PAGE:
There’s a moment in Daniel Handler’s introduction to Bernard DeVoto’s “The Hour” where Handler offers his infant son his first tiny taste of a cocktail. I too have done this – dipped my pinkie into a glass and held it forth for my insistent youngster, his small mouth cupping the scant drop of liquid. In both Handler’s case and in my own, the child’s reaction was the same – a single word mustered up from a tiny vocabulary: “More.”
It’s at that moment that I felt a kinship with Mr. Handler. The psychologists may call it transference or projection, but I knew then that Daniel and I were both playing our parts as middlemen in a greater cocktail saga. We had learned from and been inspired by our fathers, and now, we were seeking to instill the same level of admiration – for us and for drink – in our sons.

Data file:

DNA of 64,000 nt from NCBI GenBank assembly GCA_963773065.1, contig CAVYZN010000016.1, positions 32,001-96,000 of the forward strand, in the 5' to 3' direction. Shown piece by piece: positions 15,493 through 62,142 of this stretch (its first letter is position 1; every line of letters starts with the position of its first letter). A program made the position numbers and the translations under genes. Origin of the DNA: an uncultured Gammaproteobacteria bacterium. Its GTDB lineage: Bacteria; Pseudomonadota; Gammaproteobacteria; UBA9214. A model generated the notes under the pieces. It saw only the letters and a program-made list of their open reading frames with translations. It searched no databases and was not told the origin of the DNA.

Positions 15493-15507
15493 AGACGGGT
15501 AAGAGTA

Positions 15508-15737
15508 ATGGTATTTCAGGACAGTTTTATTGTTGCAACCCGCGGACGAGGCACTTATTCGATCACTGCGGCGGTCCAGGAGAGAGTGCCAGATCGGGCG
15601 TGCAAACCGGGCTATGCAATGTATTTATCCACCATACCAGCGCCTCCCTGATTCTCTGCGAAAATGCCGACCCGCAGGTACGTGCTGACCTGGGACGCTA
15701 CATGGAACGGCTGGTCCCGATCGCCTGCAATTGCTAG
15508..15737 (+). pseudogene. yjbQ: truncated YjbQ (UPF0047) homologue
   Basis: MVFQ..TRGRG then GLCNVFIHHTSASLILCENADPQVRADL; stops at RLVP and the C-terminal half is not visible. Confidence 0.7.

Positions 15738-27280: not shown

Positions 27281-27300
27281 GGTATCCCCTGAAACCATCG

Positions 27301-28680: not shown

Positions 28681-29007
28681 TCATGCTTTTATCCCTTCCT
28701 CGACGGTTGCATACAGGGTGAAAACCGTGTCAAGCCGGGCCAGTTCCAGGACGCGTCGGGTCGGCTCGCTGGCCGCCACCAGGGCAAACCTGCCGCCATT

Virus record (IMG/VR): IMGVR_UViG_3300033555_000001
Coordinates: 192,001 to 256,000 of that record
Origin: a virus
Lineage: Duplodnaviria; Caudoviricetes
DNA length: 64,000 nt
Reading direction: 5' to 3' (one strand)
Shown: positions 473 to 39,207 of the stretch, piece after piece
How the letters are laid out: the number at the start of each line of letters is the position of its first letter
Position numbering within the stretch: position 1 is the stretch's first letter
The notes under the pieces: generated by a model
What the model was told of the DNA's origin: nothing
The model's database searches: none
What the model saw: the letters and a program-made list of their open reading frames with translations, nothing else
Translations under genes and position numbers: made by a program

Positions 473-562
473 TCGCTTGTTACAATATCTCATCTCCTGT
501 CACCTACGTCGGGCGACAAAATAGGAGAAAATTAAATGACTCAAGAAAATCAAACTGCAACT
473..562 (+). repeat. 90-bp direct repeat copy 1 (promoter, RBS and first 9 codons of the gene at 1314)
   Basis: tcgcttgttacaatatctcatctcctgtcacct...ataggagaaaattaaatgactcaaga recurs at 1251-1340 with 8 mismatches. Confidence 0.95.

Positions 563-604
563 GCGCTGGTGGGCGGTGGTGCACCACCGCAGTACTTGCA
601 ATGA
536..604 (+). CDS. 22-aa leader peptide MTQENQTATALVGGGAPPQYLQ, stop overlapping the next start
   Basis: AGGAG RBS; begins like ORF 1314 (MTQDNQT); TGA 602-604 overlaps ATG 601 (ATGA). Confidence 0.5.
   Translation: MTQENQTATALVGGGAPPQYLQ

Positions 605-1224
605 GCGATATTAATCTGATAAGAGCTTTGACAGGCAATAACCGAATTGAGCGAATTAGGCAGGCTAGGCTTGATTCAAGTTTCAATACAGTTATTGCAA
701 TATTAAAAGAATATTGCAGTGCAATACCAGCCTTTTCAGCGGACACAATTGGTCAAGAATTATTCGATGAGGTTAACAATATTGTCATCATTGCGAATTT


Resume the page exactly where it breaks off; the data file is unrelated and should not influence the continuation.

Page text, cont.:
With a resume too encompassing to do it justice here – master of the accordion, member of bands including The Magnetic Fields and Danny & the Kid, author of “The Basic Eight”, “Adverbs” and numerous other titles – on these pages, Mr. Handler will simply be the man who wrote the introduction to “The Hour”, and that, in and of itself, is enough. If our places are but to preserve, polish, and pass the baton to the next generation, the oral history of the cocktail has a true Homer in Daniel Handler.